“Audit” is a fearsome word—and for a good reason. The last thing a person or organization wants is a notice from the IRS or Michigan’s Department of Revenue informing them of an oncoming tax audit.
Regardless of who is performing the audit, you must familiarize yourself with the process to avoid any unforeseen circumstances that may negatively reflect you. Luckily, avoiding audits is a relatively straightforward process once you know what you’re looking for.
Read on to learn more about IRS audits in Michigan and how you can navigate the audit process as smoothly as possible.
Understanding Tax Audits
Before getting too deep into the details, it’s essential to understand what an audit is and to better familiarize yourself with the audit process. An audit occurs when the IRS or state’s Department of Revenue scrutinizes your tax returns to ensure the accuracy of your reported income and deductions. Should either agency discover disparities, you might face fines, penalties, and potentially jail time should either accuse you of fraud.
Differences Between a State and Federal Audit
The most significant difference between a state and federal audit lies in the organization performing the tax audit. Federal audits concern your federal tax returns, which the IRS oversees. Michigan tax audits focus on your state tax returns, which Michigan’s Department of Revenue monitors. While both tax returns process simultaneously, you can experience problems with one and not the other.
State Audit in Michigan
According to recent data, Hawaii, New York, Delaware, Massachusetts, and Michigan trend as the states with the most state audits. Michigan, in particular, performs a large number of audits due to a significant percentage of the population working in other states, thus complicating their tax returns.
While getting an audit does not necessarily finger you as being deceitful, it indicates some misunderstanding regarding your tax return between you and the state.
The trigger for your state audit may have been one of the following:
● Nexus: Nexus is when your company has a tax presence, otherwise known as nexus, in a state or states. Due to each state having its own tax laws, nexus can make tax returns more complex—for example, when a business sells its products on Amazon or has locations across state borders. After a company establishes nexus, it has to register for use and sales tax. If this does not happen, a state that finds you operating a business in its territory can audit you.
● Use Tax: Use tax is a sales tax on items you purchased in another state but intended to use, store, or consume in your own state. Many people and businesses fail to report use tax, which might involve inventory transfers, charitable donations, and promotional giveaways.
● Sole Proprietors: As opposed to LLCs, C Corporations, and S Corporations, sole proprietors tend to see audits more frequently, usually due to the filing of self-prepared returns. Self-filing leaves them open to more mistakes, leading the state to audit sole proprietors more often.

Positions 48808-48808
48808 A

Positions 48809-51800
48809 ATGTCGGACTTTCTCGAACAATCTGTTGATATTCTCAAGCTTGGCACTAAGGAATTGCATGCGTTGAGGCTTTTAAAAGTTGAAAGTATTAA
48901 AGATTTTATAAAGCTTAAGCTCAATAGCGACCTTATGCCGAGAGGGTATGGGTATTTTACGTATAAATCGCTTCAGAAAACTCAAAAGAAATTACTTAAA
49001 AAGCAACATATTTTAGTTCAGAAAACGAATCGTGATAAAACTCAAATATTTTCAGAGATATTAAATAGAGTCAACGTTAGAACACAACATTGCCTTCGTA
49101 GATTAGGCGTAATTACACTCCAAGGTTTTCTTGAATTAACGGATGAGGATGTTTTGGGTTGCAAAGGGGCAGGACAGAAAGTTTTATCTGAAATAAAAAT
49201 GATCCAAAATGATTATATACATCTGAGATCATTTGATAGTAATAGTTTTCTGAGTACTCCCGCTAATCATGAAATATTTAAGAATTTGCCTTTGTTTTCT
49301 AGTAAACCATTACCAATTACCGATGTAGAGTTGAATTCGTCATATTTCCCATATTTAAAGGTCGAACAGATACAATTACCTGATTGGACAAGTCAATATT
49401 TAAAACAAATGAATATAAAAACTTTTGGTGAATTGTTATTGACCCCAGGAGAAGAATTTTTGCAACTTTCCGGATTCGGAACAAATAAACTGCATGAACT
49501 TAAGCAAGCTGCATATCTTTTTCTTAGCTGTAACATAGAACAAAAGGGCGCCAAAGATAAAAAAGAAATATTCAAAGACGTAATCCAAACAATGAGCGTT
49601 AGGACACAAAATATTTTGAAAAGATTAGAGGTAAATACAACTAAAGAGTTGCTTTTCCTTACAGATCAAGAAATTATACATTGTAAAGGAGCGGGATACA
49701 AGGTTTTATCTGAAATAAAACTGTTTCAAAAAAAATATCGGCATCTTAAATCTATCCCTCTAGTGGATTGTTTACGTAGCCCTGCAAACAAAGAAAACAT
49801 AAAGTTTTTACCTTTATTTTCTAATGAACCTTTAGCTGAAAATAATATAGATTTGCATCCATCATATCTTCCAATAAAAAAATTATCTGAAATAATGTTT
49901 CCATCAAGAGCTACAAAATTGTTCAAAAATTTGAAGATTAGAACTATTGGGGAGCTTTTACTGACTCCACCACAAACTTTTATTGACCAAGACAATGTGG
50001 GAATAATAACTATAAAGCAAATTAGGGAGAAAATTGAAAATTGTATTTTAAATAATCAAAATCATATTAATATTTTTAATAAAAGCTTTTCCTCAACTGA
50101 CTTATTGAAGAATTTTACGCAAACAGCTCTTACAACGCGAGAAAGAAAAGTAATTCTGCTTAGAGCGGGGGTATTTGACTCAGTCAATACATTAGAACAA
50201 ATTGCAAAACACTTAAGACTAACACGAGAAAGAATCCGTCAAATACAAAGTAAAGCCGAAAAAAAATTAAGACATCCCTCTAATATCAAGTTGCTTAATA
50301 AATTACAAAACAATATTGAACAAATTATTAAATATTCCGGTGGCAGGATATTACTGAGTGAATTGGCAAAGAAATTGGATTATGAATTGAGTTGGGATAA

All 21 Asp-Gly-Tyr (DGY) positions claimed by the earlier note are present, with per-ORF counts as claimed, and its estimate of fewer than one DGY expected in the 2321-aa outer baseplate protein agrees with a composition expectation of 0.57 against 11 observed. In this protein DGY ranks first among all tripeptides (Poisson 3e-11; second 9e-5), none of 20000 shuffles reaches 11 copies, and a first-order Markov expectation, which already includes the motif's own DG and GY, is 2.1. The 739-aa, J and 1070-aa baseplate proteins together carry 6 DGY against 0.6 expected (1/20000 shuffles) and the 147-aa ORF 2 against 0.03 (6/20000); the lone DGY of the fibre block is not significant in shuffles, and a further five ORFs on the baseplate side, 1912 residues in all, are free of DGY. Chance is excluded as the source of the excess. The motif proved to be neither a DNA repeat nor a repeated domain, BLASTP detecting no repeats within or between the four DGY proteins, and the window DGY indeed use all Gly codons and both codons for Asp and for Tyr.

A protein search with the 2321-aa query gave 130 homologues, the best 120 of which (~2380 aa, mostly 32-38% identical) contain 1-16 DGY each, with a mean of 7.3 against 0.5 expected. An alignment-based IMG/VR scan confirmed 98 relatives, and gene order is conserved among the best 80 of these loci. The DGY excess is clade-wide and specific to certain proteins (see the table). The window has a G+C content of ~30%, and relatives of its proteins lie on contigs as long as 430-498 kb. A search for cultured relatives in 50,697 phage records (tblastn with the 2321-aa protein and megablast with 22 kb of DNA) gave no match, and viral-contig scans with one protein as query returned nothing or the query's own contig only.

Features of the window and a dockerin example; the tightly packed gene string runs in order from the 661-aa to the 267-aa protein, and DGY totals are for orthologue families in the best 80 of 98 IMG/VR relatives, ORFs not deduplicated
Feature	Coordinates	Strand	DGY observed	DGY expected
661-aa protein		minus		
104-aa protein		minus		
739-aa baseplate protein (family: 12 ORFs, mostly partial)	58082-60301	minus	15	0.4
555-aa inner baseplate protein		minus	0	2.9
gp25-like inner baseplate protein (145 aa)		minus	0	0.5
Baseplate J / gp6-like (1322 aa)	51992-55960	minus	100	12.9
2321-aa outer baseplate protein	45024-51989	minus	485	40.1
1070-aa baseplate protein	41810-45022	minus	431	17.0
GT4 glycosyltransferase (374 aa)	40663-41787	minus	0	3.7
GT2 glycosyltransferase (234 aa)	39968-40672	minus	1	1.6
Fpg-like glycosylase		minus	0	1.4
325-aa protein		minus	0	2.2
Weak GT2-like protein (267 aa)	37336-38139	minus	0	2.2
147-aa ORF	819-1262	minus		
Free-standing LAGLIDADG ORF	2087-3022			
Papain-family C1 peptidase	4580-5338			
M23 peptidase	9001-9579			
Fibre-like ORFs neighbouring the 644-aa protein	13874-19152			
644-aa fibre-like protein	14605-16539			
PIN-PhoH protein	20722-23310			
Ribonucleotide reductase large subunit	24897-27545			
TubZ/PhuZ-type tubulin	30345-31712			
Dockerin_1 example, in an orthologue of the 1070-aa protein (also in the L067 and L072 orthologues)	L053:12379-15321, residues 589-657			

IRS Audit in Michigan
The United States government reserves the ability to issue audits wherever it sees fit. If the IRS audits you, it will review only your federal tax return, scrutinizing your accounts and financial information to make sure everything adds up correctly.
Sometimes, the IRS selects individuals and businesses as a part of a random selection process. While the agency refers to it as random, your tax return is, in fact, compared to other tax returns through a computer screening, and a discrepancy likely arose if the IRS selected you in this manner.
Should you be involved with other taxpayers who are under review, through mutual investment or partnerships, there’s a good chance the IRS will audit you, too, as a precautionary measure.
Many things can trigger an IRS audit Michigan, including but not limited to:
● Having very much or very little income
● Making errors (typos, math)
● Not reporting income
● Making too many tax deductions
● Failing to report cryptocurrency
● Operating a cash-based business
● Claiming Earned Income tax credit
● Being a self-employed worker
● Operating a home-based business
● Writing off 100% of a company car
What Happens If the Government Suspects You of Fraud?
One of the primary reasons for an audit is the suspicion that you have been committing tax fraud. Typically, the government will try to ascertain whether or not you acted in concert with the tax preparer. This can lead to conflicts of interest if the taxpayer who committed tax fraud chooses to hire the same tax professional that prepared the audited return to represent them.
Suppose the IRS proves that your tax preparer conspired with or aided and abetted their client (you) to understate their tax liability. In that case, the preparer is a much larger target for criminal prosecution than the clients they serve. The government will often intervene to ensure that the tax preparer does not represent the person under audit for fraud.
Contact a Tax Professional at Levy & Associates Today
Do you need help with an IRS audit in Michigan? At Levy & Associates, we have experience helping clients deal with federal and state tax audits. We’re here to help you navigate the process.
Reach out to talk with one of our tax consultants today at (800) TAX-LEVY and get the clarity you need about your impending audits. Don’t take on these hurdles alone. Trust in someone who knows tax laws inside and out, as we do at Levy and Associates.